Sunny Gault : What is the sweet spot for the egg being in the right area at the right time to have sex?
Susana Park : The egg, once released, has to be fertilized within 24 hours.
Sunny Gault : That is a very narrow window.
Susana Park : Exactly.
Nikki Helms : I wonder why we get pregnant.
Susana Park : But sperm lives in your fallopian tubes for 2 to 4 days. So, if you go into having more sex than not enough sex, so the sperm is in your fallopian tube, and it hangs out there for a couple of days, so when you ovulate – even though you didn't get the timing just right, at least the sperm is still around. And then the other thing is sometimes I have patients and they have sex and they're not getting pregnant, because they've been having sex every day of the cycle, and that's not good. Because you need that sperm to be fit, and fit sperm is sperm that has been ejaculated every two to five days. So don't have sex every day. Because, for example, let's say you say, “Alright, we're going to start having sex day 10, we're going to do it every day”. Well, then by the time you get you day 14, he's worn out of sperm. The quantity is lower, the quality is not good, but the converse is also true, sometimes I have couples and they say, we didn't have any any sex, we're just sort of waiting for day 14 to have sex, because we're saving everything up. That's also not good. Because then the sperm he's ejaculating is “old”.
Sunny Gault : It's lazy, doesn't want to travel.
Susana Park : That's exactly right! Which is why you want to start having sex a few days before you expect your ovulation, so that that sperm's already been ejaculated so the sperm you get at the time of your prime ovulation is really the best sperm.
Sunny Gault : I'm going to go back and talk a little bit more about the egg. What is the egg comprised of?
Susana Park : It's a little bit complicated, but it's pretty amazing. The egg, compared to the sperm, is huge. You have the oocyte, and then around that you have another layer called the Zona Pellucida, and then around that you have another layer called Corona Radiata, and then around that you have this really big water and a big membrane, which is really your follicle. So we use the word follicle and egg interchangeably, but they're really not the same. So if I did an ultrasound, I can see your follicle on the ultrasound, it's a really big black surface – as you know Nikki, when you had your treatments, right?
Nikki Helms : Yes, exactly.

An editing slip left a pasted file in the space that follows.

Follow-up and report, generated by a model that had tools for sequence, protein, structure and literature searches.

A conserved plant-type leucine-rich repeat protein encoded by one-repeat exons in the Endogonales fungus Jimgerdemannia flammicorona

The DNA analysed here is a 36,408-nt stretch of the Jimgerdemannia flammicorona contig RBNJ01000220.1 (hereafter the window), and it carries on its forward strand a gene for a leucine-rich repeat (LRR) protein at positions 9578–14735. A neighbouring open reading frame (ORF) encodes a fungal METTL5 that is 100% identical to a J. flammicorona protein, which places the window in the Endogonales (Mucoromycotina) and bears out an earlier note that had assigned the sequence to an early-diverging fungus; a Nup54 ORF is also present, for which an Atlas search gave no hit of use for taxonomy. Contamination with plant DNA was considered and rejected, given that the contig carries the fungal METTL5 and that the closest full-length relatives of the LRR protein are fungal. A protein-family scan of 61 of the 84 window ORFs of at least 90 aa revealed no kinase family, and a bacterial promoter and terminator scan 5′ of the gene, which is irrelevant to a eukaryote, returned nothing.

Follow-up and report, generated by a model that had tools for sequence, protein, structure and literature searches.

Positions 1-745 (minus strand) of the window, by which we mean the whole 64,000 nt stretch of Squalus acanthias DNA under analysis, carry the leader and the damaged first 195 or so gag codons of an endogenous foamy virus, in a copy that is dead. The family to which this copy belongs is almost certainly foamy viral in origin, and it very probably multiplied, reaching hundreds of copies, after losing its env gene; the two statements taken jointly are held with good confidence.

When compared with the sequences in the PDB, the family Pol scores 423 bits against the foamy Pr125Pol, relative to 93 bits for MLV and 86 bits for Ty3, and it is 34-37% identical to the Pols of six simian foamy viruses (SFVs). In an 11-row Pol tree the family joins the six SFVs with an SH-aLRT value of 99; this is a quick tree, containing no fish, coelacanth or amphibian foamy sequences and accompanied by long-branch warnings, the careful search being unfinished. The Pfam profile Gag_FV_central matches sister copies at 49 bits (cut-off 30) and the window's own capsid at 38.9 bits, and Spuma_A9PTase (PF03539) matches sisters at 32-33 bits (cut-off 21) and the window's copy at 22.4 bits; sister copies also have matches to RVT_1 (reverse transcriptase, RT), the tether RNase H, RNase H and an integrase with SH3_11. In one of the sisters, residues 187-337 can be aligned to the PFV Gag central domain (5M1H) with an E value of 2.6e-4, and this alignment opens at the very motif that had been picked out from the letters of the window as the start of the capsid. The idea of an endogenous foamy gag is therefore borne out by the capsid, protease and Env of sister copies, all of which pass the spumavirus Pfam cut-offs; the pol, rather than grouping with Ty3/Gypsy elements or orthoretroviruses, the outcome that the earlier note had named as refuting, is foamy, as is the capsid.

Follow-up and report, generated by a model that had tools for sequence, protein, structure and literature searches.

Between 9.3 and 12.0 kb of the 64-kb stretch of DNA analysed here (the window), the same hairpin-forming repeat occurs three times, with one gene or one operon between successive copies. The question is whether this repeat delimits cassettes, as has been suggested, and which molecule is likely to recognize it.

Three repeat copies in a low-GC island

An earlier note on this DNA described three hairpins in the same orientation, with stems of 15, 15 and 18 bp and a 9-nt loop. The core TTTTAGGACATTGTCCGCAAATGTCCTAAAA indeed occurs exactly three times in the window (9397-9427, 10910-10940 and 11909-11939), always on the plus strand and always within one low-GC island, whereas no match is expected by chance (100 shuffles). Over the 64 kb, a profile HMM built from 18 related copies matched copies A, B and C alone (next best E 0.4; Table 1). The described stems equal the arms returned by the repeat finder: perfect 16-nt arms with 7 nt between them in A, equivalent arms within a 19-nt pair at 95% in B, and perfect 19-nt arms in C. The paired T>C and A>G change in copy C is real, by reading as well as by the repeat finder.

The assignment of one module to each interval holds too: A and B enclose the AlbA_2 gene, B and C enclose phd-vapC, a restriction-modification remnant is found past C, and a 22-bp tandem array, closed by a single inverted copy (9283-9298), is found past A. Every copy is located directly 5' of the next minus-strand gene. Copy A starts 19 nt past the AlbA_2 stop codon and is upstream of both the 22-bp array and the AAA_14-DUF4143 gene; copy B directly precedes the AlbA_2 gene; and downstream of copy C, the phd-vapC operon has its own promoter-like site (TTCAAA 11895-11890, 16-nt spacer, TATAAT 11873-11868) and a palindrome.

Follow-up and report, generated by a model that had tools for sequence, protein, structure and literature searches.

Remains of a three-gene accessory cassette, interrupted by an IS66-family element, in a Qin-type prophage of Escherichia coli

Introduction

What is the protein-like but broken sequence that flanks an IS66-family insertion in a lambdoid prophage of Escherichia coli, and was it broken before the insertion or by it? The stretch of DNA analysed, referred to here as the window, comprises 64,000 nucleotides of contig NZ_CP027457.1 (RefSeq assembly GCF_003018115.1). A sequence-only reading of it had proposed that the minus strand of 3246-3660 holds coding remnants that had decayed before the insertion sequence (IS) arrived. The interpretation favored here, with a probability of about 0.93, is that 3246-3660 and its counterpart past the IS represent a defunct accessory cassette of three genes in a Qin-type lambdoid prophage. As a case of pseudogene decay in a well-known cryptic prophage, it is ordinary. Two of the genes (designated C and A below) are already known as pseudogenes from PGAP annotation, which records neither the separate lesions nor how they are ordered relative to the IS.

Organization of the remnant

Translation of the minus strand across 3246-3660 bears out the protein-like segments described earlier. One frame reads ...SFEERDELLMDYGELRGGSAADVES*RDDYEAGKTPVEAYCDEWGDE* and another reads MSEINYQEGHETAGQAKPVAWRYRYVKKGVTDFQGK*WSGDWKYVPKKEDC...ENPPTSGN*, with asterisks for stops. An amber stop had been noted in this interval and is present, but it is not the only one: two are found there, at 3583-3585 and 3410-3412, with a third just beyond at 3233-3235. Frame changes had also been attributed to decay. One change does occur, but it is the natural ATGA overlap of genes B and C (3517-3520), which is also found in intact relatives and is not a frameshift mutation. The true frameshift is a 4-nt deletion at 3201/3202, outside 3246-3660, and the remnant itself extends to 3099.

Susana Park : But you can't really see an egg, you need a microscope, but inside that follicle, within that water structure, lies your little egg. And we know that there's a correlation between the diameter of the follicle, the black circle and the maturity of the egg. So when you ovulate, that little egg comes out of the black fluid, the black circle, and goes out from your ovary into your fallopian tubes.
Sunny Gault : How long does it take for the egg to travel to where it needs to be?
Susana Park : Very quick. Because the egg just needs to be at the very end of the fallopian tubes. So the sperm comes to the egg in the fallopian tube. The egg does not go to the sperm.
Sunny Gault : Men should come to us. That is a metaphor for life itself.
Susana Park : So the sperm and the egg meeting always happens at the very end of the fallopian tube, we call it the distant end, the end of the tube that's closest to the egg. It does not happen at the beginning of the tube, the side closest to the uterus. The sperm has to make it all the way to the end of the fallopian tube, because at the end of the tube – the little tubes have little cilia, and they swipe over the ovary and so doing that motion, that's how it picks up the egg. And then the sperm should be there, the sperm and the egg meet right away, but at the very end of that fallopian tube.
Sunny Gault : So if there's no sperm there, the egg just kind of hangs out at the end of the fallopian tube?
Susana Park : That's right, and at the 24 hours, it dies. It's over. So the timing is off in this example.
Sunny Gault : OK, we talked a little bit about what the egg is, can you release more than one egg?
Susana Park : Yes, you can.
Sunny Gault : And does the process change if you do?
Susana Park : The process is the exact same, the quantity differs. But releasing more than one egg happens naturally more often in the very young women, and the very old women. Teenagers and women in their 40s are more likely to just spontaneously have twins than women in their 20s or 30s.
Sunny Gault : And that would be fraternal twins, right?
Susana Park : Usually, correct.
Sunny Gault : Can you ovulate more than once in a cycle?
Susana Park : No.
Sunny Gault : It's physically impossible?
Susana Park : Impossible.
Sunny Gault : But it is possible to not ovulate, which leads to some of the complications that women may have.